A third distinguishing element of the approach adopted in this book is that the models are stripped down to essentials, so that they can be fully solved and analyzed. Thus, most of the models used can be reduced to second-order dynamic systems whose solutions can be fully characterized, either algebraically or with the help of simple two dimensional phase diagrams. This allows the students to focus on the dynamic properties of the models and gain a deep understanding of the economics of these dynamic processes. A variety of exercises scattered throughout the text encourage students to try their hand at solving versions of the main dynamic models that define modern macroeconomics.
But, because dynamic simulation techniques are an important element of modern dynamic macroeconomics and policy analysis (especially for higher dimensional models) the dynamic models used in the book are also simulated numerically, and their impulse response functions are plotted and discussed. This is something intended to help students of this text gain a better grasp of the dynamic properties of models themselves. In addition, such simulations allow for an assessment of the quantitative significance of the various effects highlighted in the theoretical models. They help determine which effects are quantitatively significant and which are not. Finally, the simulations demonstrate to students of this text how to set up and simulate dynamic, and dynamic stochastic general equilibrium macroeconomic models, something that should familiarize them with the techniques and prepare them to analyze higher-dimensional, more complicated, and more realistic models.
Modern macroeconomics is not based on a single, generally accepted and all-encompassing model. For this reason, this book is eclectic. It treats macroeconomics as applied and policy-oriented general equilibrium analysis, based on various alternative, relatively simple aggregate dynamic or dynamic stochastic models. We examine a plurality of models, each of which is suit- able for investigating specific issues and addressing specific questions, but may be unsuitable for other issues or questions. The book highlights both the potential strengths as well as the limitations of alternative models.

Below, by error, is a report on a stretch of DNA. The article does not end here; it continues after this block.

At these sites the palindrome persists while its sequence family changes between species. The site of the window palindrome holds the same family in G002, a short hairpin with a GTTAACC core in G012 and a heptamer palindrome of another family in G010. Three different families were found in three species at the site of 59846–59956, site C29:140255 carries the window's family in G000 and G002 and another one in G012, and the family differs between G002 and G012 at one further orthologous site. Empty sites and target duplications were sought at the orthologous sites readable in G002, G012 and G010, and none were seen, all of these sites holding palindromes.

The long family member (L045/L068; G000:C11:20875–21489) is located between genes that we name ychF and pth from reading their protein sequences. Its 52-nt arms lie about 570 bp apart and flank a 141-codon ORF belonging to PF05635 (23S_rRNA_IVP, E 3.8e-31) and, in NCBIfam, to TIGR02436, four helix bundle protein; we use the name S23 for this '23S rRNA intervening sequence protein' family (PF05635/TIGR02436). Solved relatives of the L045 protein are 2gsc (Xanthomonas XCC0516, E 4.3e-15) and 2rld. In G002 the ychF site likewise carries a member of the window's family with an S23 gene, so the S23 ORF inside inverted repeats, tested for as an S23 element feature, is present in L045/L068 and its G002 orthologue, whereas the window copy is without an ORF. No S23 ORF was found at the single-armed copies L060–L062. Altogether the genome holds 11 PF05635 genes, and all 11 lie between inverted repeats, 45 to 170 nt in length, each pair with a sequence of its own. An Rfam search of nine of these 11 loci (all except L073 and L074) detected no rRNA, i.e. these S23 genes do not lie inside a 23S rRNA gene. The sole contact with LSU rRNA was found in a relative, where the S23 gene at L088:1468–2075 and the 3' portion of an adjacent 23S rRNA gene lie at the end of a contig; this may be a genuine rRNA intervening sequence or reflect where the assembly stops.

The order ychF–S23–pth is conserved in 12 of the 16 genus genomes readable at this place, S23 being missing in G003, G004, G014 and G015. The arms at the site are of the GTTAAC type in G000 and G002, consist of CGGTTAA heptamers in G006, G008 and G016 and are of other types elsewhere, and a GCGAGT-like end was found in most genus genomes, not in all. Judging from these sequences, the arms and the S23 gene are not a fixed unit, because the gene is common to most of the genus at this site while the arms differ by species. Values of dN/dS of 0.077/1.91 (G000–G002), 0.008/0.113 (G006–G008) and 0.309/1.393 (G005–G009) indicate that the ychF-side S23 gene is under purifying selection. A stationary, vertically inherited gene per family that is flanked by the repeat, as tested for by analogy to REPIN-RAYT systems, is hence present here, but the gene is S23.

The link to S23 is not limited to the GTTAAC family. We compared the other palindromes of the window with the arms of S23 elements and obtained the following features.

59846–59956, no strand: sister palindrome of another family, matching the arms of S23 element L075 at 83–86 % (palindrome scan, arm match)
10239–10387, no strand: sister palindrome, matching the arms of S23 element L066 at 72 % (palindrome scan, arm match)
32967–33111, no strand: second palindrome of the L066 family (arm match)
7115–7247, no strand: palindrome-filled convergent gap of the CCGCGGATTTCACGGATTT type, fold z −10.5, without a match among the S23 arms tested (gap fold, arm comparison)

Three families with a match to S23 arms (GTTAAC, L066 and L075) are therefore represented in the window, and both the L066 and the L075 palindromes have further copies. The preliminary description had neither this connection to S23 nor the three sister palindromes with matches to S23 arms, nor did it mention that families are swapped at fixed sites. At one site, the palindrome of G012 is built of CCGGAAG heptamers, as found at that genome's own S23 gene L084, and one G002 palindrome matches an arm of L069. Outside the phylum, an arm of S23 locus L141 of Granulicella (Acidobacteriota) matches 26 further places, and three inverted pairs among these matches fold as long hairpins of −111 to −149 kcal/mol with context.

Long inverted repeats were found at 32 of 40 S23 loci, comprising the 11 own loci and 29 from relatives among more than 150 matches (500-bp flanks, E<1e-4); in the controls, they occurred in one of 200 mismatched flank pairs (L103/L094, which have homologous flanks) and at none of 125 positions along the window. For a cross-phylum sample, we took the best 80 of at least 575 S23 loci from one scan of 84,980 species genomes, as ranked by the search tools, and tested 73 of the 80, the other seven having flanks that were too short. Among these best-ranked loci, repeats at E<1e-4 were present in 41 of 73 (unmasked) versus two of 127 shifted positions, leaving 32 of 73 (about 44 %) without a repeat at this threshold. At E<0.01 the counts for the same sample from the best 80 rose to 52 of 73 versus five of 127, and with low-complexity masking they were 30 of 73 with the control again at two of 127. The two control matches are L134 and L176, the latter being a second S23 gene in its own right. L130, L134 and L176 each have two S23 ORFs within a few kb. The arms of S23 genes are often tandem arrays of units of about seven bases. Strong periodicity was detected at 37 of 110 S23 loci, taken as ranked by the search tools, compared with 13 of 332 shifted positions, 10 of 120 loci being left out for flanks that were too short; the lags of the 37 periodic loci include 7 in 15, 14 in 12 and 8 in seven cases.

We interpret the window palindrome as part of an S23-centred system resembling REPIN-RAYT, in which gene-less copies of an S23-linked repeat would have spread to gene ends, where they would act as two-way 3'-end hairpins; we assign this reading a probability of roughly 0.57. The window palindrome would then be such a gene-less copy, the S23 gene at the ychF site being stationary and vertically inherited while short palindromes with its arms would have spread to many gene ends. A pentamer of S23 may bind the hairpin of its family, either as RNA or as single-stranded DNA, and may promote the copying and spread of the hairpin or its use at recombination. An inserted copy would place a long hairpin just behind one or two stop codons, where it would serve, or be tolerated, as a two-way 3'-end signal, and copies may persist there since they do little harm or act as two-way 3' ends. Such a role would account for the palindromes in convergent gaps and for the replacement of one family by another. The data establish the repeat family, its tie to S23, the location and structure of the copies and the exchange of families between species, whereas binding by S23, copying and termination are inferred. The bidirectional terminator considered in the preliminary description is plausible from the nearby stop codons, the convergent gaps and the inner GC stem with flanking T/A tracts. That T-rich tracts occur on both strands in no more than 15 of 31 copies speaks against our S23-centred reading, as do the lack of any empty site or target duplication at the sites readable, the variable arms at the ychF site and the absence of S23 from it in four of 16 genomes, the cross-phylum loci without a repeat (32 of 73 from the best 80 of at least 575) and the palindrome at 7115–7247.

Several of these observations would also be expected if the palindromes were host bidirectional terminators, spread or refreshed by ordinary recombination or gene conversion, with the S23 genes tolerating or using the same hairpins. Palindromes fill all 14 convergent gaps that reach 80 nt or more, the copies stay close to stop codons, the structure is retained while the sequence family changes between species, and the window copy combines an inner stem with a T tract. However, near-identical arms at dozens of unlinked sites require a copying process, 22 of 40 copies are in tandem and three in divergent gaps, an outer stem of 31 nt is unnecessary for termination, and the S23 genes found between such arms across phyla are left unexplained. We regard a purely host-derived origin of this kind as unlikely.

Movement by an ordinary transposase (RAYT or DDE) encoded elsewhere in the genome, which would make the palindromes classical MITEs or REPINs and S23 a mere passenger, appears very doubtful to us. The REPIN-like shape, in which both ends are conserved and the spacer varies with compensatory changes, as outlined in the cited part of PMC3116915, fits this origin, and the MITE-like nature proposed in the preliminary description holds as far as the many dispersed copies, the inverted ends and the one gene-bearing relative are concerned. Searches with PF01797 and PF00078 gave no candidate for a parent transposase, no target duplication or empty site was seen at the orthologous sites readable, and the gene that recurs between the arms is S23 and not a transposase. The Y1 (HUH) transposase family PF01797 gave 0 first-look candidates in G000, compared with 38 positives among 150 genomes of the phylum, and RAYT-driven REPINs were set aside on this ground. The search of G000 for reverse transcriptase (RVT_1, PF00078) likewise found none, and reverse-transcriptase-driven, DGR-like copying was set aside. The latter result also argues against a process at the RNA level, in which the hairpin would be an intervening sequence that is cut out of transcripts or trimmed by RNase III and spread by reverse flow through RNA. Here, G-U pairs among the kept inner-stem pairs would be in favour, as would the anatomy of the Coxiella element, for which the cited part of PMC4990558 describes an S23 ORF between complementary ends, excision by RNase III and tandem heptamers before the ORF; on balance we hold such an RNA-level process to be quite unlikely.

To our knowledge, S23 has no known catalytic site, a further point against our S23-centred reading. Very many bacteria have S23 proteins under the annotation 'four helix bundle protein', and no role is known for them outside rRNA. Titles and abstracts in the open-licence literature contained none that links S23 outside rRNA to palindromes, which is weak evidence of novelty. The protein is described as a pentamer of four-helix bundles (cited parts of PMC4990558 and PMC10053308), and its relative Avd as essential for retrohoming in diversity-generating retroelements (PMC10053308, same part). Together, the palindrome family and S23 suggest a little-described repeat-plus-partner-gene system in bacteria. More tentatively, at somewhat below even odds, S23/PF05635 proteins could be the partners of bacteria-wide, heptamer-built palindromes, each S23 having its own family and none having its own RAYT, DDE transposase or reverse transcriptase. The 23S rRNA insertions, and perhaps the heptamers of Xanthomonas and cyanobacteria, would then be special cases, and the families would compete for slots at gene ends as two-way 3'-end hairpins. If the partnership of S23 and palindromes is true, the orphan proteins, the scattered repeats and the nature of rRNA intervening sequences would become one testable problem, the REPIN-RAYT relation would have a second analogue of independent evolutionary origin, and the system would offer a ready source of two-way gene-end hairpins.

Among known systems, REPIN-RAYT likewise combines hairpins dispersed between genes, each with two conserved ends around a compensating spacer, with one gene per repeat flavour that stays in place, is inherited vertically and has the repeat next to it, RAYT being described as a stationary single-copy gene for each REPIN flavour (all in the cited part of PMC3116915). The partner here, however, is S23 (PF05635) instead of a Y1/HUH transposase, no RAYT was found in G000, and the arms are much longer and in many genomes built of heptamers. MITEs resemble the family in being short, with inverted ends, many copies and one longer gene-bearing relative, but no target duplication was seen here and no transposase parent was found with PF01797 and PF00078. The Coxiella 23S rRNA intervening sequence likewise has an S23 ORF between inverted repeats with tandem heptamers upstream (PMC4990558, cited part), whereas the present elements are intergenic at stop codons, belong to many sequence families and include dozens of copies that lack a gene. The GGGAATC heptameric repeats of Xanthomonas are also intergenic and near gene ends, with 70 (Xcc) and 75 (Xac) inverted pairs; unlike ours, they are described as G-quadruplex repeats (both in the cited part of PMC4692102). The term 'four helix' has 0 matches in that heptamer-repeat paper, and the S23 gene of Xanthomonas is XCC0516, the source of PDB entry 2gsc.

However, some key unifying principles in the models are adopted. The most important of these principles is the assumption that economic agents base their decisions on intertemporal optimization of some well-defined objective function, under appropriate constraints. Thus, for the most part, we examine dynamic general equilibrium models with explicit intertemporal microeconomic foundations. Where there are theoretical disagreements, alternative approaches are juxtaposed, their pros and cons are analyzed, and their compatibility with the empirical evidence is also briefly discussed.
Key facts about long-run economic growth and aggregate fluctuations are presented in chapter 1. Additional facts are also presented as we move to the particular models in the relevant chapters, and they relate to the specific issues these models seek to explain. The discussion of these facts facilitates the process of evaluating the relevance and usefulness of the theoretical models in the rest of this book.
However, note that the rigorous and full empirical evaluation and testing of alternative theories and models is beyond the scope of this book. The present text, although concerned with models that account for the key stylized facts about macroeconomic phenomena, is a text on macroeconomic theory, not empirical or applied macroeconomics. Texts that focus on empirical macroeconomics and macroeconometrics could complement the present text for empirically inclined students and economists, and should indeed be consulted, as macroeconomics ultimately relies on the interactions between theory and evidence.
The book assumes introductory knowledge of economic theory and mathematics for economists. The main mathematical techniques needed to analyze optimizing dynamic macroeconomic models are fully reviewed in the appendixes. These appendixes assume some basic prior knowledge of the material contained in mathematical textbooks for economists, but are for the most part self contained. They discuss some useful functional forms for the production and utility functions used in macroeconomics, derivatives and partial derivatives, optimization under constraints and the Lagrange method, linear algebra and the solution of linear models, solution methods for linear differential and difference equations, dynamic optimization techniques, and random variables and stochastic processes.
Professor of Economics, Fletcher School, Tufts University and Athens University of Economics and Business.